Film a meditation on wilderness, elements


Mythology, mystery, and music combine in an imaginative feature film by Richard Sidey, of Wanaka.

Elementa is a black and white experiential film by the award-winning wildlife photographer and film-maker.

The moment that spawned the film was when Sidey was filming at the Gitga’at First Nations territory in British Columbia.
‘‘I had read about this mythical white bear that inhabited a few of the islands’’
— a black bear with white fur, known as Moksgm’ol (ghost or spirit bear).

He travelled to the islands, finding a local First Nations guide and ‘‘spent a wonderful week in the rainforests basically sitting in one spot in the hope to get a glimpse of this white black bear’’.

After patiently waiting he was ‘‘really lucky’’ when the rare creatures emerged.
The bears ‘‘mysteriously appeared out of this deep green, lush rainforest’’, coming to the river’s edge to catch salmon.

It looked ‘‘bizarre — you’ve got this white bear in a dark green setting’’, he said.
Sidey’s guide told him a story that the bear was a reminder of the Great White Time, when the world was covered in ice.

He noticed that each day, at about 3 in afternoon, the sun would pierce a hole in the dense forest canopy and illuminate a pool of water in the river.
After days of patiently waiting, on the final day of filming one of the bears walked through the patch of light — ‘‘the result was the bear became quite illuminated brilliantly against the dark forest, and that was the image I took home from that trip.’’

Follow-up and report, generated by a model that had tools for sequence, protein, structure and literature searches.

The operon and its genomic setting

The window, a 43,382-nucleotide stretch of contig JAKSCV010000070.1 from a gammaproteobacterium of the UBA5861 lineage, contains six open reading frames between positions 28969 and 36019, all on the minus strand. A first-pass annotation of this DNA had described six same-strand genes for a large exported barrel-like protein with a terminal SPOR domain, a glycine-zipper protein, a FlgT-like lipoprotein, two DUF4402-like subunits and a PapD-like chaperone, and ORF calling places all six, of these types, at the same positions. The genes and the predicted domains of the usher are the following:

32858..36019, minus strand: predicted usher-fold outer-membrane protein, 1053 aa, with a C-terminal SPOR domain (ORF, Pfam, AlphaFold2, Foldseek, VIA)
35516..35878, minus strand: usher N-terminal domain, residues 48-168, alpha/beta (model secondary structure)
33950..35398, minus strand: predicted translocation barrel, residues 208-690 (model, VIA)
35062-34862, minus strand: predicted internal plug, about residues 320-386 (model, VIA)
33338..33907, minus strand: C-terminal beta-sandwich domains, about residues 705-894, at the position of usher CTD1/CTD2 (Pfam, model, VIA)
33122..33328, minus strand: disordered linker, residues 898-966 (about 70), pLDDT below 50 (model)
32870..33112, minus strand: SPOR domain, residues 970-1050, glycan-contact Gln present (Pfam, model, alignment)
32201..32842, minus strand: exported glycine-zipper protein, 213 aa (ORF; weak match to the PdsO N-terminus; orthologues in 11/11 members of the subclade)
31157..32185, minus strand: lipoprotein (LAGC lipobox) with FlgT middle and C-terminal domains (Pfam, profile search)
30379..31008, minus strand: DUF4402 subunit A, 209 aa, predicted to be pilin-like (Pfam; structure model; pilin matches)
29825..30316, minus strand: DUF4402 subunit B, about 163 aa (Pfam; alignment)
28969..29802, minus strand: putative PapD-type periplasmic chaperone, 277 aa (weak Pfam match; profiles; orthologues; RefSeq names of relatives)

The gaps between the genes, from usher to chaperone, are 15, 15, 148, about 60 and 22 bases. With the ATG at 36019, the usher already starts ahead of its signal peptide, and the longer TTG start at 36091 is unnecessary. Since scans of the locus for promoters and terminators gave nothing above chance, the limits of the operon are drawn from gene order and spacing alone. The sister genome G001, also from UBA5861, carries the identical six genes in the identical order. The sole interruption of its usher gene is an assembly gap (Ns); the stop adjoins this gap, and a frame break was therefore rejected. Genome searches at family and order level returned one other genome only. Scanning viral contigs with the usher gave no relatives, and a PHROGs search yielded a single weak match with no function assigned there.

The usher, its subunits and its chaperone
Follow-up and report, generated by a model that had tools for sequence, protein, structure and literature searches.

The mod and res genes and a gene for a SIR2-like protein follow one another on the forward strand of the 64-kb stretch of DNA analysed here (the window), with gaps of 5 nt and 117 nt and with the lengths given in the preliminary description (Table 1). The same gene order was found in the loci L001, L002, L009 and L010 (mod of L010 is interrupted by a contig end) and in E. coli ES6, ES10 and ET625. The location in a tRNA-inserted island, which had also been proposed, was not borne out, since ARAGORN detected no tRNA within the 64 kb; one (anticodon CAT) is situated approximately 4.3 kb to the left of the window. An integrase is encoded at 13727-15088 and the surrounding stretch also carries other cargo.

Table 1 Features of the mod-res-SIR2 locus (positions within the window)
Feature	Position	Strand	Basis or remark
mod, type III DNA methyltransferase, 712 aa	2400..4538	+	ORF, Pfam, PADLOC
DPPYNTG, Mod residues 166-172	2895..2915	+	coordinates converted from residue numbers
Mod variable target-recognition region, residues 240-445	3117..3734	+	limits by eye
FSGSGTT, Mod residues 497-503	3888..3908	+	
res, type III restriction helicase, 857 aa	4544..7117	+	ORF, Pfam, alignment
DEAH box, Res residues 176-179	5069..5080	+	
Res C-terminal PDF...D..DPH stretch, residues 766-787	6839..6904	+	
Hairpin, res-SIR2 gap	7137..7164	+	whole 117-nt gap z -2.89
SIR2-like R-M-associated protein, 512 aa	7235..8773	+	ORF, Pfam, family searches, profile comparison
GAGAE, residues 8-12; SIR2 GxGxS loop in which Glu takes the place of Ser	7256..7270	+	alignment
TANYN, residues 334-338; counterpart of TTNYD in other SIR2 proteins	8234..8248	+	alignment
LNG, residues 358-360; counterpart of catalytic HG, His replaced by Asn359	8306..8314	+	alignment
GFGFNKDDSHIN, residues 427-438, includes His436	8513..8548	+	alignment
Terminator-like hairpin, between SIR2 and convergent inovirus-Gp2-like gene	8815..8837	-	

During the next few years, in between filming on other assignments, he continued to gather shots that would be part of his black and white ‘‘mediation of wilderness and the elements’’.

The final film was the result of five years of filming on seven continents, he said.
Ambient composer Boreal Taiga, of Seattle, added an ‘‘ambient drone style’’, Sidey said.
‘‘I feel quite a connection to his music.’’
‘‘It works well with these landscapes, particularly these arctic landscapes which are often barren, quite desolate.’’

The film has been edited in a tryptic format allowing for the same or different scenes to be shown at once.
‘‘The triptych format is something I have played with before, I really enjoy it, it brings a whole lot more opportunity for presenting images on a screen, and because there are no words in Elementa, the visuals are really important.’’

The film will feature as part of the The Documentary Edge International Film Festival which for the first time will be available to stream online from June 12 to July 5.

Festival director Dan Shanan said in times of social distancing, the event wanted to bring the community together ‘‘and what better way to do this than with film”.

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